Rules similar to those applicable to rollovers of gain by an individual from certain small business stock3 will apply to the rollover of such gain by a partnership or S corporation.4 Thus, for example, the benefit of a tax-free rollover with respect to the sale of small business stock by a partnership will flow through to an “eligible partner”—i.e., a partner who is not a corporation and who held a partnership interest at all times during which the partnership held the small business stock.5 (A similar rule applies to S corporations.)6 For the rules regarding, among other things, (1) the deferral of gain on a partnership’s sale of qualified small business stock followed by an eligible partner’s acquisition of qualified replacement stock, and (2) the deferral of gain on a partner’s sale of qualified small business stock distributed by a partnership, see Treasury Regulation Section 1.1045-1, finalized in 2007.7

      The amount of gain not recognized because of a rollover of qualified small business stock will be applied to reduce (in the order acquired) the basis for determining gain or loss of any qualified small business stock purchased by the taxpayer during the sixty-day rollover period.8

      Ordinarily, the holding period of qualified small business stock purchased in a rollover transaction will include the holding period of the stock sold; but for purposes of determining whether the nonrecognition of gain applies to the stock that is sold, the holding period for the replacement stock begins on the date of purchase. In addition, only the first six months of the taxpayer’s holding period for the replacement stock will be taken into account for purposes of determining whether the active business requirement is met (see Q 7521).9

      An IRC Section 1045 election must be made by the due date (including extensions) for filing the income tax return for the taxable year in which the qualified small business stock is sold.10 The election is made by (1) reporting the entire gain from the sale of qualified small business stock on Schedule D; (2) writing “IRC Section 1045 rollover” directly below the line on which the gain is reported; and (3) entering the amount of the gain deferred under IRC Section 1045 on the same line as (2), above, as a loss, in accordance with the instructions for Schedule D.11 If a taxpayer has more than one sale of qualified small business stock in a taxable year that qualifies for the IRC Section 1045 election, the election can be made for any one or more of those sales. An IRC Section 1045 election is revocable only with the Commissioner’s consent.12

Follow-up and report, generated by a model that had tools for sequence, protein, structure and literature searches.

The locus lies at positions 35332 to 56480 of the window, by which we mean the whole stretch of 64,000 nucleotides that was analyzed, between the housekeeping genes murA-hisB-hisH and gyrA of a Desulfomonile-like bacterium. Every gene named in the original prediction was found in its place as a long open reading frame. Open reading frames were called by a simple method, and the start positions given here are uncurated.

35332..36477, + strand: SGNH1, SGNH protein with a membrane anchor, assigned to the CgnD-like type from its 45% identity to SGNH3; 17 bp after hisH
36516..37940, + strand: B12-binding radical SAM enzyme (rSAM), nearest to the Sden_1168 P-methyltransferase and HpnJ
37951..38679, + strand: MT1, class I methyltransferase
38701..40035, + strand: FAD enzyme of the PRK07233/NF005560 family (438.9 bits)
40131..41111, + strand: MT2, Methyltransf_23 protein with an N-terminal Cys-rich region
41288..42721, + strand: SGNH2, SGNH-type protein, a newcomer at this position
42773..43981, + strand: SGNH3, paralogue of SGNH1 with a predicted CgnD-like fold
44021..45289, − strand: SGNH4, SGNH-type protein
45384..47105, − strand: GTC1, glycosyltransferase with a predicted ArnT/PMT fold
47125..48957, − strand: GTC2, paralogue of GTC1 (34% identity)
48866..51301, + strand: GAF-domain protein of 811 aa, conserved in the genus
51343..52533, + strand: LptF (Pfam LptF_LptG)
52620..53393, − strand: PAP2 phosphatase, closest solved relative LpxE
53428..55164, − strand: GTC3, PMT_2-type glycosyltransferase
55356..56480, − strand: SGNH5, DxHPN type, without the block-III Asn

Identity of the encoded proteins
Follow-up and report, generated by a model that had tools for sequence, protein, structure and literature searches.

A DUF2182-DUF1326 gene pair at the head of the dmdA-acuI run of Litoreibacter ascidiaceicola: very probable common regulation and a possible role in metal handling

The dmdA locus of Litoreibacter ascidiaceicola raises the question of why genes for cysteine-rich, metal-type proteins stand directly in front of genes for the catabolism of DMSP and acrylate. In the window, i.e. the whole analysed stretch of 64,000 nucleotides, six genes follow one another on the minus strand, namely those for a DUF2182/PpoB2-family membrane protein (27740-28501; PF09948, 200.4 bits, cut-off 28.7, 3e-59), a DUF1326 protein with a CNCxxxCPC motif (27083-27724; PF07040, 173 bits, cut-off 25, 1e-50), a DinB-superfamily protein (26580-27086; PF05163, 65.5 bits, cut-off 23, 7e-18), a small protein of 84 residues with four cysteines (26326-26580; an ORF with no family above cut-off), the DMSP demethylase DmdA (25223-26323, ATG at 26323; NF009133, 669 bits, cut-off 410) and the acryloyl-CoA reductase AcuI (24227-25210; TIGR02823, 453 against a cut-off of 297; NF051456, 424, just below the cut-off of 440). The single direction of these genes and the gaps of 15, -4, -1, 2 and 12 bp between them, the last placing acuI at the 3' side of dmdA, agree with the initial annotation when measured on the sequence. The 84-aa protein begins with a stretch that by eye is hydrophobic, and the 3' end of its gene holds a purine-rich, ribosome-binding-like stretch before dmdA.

The Service has stated that in order to be granted approval to make a late Section 1045 election (when the requirements for an automatic extension are not met), the requesting taxpayer must provide evidence to establish that he or she acted reasonably and in good faith and that granting the relief would not prejudice the interests of the government. A taxpayer is deemed to have not acted reasonably and in good faith if the taxpayer either uses hindsight in requesting relief, or was informed in all material respects of the required election and related tax consequences but chose not to file the election. Furthermore, the taxpayer must provide a detailed affidavit from the individuals having knowledge or information about the events leading to the failure to make a valid regulatory election. The affidavit must describe the engagement and responsibilities of the individual as well as the advice that the individual provided to the taxpayer.13